As a lot of us continue to stay indoors, Facebook has become a go-to platform for many people to check in with their friends, family and neighbors during the current coronavirus pandemic. Today, to give us another way of showing support and presence in its apps, the company said it would add a new reaction for “care” — in the forms of an emoji face hugging a heart, and a pulsing heart — that will appear alongside the “thumbs up” for like, the basic heart, and the laughing, shock, sadness, and anger emojis.
This makes “care” the first addition to the list of reactions since it was expanded from a simple “like” button back in 2015 to give people more empathetic, quick responses to posts.
Starting next week, the care emojis will start appearing on Facebook’s main app (the emoji face embracing the heart), while the new reaction will appear on Messenger (in the form of a pulsing heart) from today. You can see the new heart by pressing on an existing reaction to change it, or by creating a new reaction to a chat.
“We hope these reactions give people additional ways to show their support during the #COVID19 crisis,” a spokesperson noted about the new emojis earlier today. “We know this is an uncertain time, and we wanted people to be able to show their support in ways that let their friends and family know they are thinking of them.”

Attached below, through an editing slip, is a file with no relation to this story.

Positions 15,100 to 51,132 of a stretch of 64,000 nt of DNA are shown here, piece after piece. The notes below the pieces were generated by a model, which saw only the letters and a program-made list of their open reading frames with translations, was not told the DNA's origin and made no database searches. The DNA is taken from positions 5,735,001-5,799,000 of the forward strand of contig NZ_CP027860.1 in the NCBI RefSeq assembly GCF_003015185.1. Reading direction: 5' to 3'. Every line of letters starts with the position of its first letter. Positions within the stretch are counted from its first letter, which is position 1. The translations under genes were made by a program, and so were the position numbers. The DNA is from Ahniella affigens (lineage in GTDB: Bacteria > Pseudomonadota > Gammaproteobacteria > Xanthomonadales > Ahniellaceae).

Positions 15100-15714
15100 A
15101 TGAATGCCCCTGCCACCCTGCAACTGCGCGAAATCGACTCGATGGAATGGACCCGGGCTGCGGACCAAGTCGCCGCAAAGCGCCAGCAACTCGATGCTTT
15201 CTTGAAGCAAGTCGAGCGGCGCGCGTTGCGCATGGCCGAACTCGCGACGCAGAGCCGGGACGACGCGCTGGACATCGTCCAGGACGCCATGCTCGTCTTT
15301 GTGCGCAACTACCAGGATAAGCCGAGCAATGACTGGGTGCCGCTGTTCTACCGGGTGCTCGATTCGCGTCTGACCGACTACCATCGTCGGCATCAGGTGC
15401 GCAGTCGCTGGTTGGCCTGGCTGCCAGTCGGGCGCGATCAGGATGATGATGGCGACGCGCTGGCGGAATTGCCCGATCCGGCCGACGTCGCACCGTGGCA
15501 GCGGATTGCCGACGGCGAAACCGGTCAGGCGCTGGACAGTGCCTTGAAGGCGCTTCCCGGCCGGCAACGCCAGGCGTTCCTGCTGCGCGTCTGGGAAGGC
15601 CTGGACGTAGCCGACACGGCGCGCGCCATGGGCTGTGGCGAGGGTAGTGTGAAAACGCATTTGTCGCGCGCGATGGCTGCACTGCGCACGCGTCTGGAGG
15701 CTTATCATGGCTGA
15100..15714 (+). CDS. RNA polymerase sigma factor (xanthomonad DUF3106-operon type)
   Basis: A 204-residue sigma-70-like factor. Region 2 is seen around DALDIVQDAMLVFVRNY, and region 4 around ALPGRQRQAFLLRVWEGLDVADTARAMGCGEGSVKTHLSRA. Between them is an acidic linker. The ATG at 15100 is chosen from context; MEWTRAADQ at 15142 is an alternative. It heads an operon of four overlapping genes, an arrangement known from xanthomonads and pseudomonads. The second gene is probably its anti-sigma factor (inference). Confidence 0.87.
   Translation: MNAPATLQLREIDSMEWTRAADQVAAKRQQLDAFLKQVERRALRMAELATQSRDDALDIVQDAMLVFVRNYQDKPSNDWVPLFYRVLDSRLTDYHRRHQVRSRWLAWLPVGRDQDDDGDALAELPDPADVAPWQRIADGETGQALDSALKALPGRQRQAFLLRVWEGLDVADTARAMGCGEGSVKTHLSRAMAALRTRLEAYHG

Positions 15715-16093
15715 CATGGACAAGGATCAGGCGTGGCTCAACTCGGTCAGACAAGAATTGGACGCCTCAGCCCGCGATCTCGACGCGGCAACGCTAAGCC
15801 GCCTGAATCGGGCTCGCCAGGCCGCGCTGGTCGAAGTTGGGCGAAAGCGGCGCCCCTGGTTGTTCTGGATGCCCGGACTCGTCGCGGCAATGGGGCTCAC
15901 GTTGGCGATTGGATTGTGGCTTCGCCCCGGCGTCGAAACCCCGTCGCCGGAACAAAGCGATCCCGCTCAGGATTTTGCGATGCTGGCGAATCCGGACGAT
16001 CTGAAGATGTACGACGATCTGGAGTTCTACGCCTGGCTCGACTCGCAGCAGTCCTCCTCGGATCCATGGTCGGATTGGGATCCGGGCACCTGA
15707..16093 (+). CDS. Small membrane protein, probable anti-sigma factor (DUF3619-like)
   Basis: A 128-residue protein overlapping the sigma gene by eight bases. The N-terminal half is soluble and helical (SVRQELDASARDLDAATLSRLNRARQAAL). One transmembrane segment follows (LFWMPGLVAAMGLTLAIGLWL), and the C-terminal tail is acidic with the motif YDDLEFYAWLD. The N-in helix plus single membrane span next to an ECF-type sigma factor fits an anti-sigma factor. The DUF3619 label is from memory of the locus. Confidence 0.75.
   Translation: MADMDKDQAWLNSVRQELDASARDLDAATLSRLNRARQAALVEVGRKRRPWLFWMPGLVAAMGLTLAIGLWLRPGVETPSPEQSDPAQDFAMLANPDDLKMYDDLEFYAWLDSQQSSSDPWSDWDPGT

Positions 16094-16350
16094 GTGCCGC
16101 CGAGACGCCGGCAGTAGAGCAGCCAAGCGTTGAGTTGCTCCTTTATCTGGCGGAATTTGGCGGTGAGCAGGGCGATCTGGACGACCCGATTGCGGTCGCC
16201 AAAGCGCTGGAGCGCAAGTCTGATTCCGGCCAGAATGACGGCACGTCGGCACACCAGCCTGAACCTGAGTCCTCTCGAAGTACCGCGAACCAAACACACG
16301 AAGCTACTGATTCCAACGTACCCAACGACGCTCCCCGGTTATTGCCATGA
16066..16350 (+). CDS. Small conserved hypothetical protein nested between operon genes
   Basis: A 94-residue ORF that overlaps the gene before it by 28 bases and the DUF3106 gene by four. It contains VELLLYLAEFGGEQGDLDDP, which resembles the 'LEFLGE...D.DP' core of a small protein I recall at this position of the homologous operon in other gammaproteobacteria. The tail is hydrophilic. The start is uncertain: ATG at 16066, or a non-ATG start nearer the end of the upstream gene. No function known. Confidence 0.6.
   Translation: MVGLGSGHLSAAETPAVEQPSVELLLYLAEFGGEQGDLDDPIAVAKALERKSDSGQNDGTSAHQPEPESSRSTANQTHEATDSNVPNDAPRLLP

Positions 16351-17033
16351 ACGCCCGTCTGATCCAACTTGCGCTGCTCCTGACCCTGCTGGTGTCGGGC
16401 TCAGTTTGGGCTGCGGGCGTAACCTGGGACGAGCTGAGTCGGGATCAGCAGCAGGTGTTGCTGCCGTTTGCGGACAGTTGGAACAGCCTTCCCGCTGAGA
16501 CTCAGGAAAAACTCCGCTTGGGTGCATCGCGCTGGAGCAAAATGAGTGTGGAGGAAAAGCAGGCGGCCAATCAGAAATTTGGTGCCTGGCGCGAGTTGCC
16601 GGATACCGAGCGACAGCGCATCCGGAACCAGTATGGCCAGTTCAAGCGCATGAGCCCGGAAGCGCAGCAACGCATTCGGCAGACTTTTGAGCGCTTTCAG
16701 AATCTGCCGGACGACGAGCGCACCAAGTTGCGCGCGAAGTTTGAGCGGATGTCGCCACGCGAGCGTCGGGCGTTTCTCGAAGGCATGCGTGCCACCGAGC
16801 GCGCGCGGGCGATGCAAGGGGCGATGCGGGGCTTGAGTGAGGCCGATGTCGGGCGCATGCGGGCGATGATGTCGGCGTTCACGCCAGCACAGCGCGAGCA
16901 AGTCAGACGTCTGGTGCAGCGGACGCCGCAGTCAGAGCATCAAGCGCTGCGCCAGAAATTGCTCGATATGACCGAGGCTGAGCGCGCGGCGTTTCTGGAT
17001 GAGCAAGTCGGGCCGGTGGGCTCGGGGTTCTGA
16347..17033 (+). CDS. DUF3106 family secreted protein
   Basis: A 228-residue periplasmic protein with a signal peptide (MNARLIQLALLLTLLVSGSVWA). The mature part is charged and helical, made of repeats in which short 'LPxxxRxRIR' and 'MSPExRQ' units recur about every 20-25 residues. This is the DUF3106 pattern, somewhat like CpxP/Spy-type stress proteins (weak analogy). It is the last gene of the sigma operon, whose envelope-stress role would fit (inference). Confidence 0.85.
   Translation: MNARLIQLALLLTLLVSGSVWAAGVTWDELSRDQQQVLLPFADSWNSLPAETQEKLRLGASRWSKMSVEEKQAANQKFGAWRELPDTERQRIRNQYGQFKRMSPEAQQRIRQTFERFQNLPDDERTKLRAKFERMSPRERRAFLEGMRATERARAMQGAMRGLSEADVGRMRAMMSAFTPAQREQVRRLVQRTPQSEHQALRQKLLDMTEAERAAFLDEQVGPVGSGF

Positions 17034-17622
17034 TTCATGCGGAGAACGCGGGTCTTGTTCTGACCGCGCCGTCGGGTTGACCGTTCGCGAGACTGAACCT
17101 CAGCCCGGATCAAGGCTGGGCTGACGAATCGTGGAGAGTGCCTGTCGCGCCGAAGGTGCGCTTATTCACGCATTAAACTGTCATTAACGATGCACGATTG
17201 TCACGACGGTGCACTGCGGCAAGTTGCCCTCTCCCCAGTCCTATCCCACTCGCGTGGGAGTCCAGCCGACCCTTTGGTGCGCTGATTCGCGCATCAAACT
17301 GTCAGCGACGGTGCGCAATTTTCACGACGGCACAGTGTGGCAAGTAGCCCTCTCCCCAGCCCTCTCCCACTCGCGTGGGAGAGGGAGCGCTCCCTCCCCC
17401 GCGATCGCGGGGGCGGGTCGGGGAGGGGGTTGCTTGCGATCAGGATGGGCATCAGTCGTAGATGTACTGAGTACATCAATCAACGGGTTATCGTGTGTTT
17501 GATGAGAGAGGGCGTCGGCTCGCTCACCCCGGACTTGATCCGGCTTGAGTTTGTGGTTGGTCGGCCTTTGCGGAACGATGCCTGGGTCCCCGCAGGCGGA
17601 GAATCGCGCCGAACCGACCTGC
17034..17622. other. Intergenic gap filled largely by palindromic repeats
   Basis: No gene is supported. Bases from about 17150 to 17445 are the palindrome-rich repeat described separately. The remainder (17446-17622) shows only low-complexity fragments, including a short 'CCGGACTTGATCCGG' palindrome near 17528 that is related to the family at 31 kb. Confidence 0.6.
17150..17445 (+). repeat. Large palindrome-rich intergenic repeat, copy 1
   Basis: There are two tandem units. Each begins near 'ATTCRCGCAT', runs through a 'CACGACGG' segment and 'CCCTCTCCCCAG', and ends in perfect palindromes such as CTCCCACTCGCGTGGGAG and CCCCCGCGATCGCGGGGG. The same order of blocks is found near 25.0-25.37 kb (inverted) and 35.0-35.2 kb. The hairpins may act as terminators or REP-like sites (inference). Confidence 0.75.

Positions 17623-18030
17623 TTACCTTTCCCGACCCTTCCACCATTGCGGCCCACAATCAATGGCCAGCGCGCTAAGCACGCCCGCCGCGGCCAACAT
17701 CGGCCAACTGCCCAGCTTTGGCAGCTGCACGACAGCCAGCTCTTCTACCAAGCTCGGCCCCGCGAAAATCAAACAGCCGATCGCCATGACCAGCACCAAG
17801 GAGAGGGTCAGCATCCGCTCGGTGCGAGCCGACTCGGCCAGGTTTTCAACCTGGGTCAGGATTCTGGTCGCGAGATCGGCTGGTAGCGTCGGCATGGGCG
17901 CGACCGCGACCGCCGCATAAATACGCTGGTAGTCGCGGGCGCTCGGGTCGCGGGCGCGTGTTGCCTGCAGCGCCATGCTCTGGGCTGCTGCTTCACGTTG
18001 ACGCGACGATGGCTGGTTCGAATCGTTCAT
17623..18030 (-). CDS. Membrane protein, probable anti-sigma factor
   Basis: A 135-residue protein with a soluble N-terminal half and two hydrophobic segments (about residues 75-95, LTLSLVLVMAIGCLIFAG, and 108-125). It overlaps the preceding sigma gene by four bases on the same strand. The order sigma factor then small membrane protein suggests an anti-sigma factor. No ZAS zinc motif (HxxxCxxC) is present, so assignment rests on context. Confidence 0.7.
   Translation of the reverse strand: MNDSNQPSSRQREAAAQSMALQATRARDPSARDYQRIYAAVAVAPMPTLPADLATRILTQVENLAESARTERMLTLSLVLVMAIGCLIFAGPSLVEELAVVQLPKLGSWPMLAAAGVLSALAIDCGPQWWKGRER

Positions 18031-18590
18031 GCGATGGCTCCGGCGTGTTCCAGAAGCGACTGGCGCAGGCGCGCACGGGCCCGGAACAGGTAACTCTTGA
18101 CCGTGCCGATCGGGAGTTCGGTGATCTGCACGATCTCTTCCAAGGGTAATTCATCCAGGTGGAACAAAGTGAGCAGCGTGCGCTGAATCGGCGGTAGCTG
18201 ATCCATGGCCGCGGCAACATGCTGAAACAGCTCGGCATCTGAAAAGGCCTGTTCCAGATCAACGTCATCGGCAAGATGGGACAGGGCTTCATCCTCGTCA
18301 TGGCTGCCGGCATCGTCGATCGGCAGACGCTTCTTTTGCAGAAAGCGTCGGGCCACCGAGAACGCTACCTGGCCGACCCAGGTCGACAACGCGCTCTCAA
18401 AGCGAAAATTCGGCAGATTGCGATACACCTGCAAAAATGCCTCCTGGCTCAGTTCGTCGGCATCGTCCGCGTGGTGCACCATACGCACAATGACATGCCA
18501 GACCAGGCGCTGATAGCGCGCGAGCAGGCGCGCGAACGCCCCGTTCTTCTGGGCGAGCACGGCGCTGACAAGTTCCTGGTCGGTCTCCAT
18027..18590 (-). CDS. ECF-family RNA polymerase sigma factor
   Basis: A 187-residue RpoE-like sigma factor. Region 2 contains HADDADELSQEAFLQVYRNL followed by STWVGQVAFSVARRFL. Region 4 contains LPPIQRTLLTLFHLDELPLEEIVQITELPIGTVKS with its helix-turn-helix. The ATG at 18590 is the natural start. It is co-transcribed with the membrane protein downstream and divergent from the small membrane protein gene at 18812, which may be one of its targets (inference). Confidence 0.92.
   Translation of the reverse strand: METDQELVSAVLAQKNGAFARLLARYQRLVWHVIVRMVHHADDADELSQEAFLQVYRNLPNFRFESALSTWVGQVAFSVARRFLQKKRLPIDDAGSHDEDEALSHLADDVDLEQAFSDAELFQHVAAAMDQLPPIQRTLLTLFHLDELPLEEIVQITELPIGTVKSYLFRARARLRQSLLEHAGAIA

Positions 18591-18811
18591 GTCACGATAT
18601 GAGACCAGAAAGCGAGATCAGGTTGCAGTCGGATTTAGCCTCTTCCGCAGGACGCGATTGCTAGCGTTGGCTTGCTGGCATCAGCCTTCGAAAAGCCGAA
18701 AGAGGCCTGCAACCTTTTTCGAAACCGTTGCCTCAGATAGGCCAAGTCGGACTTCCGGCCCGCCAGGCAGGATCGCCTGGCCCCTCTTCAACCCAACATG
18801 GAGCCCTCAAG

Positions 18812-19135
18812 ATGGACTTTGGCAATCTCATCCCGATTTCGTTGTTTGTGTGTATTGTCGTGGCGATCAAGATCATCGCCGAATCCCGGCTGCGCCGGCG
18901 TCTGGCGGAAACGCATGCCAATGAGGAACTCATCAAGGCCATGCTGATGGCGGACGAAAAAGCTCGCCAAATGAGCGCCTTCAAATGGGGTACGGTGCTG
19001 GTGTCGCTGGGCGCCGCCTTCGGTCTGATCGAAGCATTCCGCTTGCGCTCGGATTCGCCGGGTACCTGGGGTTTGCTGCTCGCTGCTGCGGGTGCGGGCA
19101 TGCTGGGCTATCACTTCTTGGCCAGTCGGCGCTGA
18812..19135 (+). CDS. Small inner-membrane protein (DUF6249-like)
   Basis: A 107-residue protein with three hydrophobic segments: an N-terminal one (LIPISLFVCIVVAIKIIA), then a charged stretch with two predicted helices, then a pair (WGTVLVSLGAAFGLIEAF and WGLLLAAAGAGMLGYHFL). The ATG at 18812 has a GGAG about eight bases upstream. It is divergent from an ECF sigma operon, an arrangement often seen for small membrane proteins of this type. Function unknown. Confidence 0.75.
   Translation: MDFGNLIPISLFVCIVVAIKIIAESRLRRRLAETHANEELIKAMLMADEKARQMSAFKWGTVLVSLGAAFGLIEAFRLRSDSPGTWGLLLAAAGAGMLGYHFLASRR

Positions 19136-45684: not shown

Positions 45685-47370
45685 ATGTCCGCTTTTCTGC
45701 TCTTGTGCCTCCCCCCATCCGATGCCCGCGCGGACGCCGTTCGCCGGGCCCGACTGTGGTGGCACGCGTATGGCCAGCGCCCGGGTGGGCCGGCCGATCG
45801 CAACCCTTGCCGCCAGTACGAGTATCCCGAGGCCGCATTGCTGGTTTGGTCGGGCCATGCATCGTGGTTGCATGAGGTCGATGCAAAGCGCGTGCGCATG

Ahead of today, it looks like Pedja Ristic, a product designer at Facebook, was testing the reaction on his own posts, another hint it was coming.
This is relatively speaking a pretty small gesture: offering up an emoji in response to a post is not putting food on the table (nor shopping for it, which has become a challenge in itself), giving someone a guarantee of income, making sure that a person is not being misinformed about the scope of the novel coronavirus and how best to deal with that, nor indeed curing anyone who happens to get sick from this awful thing.
But in the scope of Facebook being a crucial part of many people’s support networks, ever more important as people live in isolation, it’s another way to make it more useful and more tuned to the kind of empathy we all need right now.
Facebook has been working on a number of levels to do something useful in the current health crisis. Its work has ranged from making stronger efforts to ferret out and remove misinformation, provide grants to those in media that are working to report the news well, separate grants to small businesses, supporting public health initiatives to get more important messages out, and like many others also donating masks to those in need.
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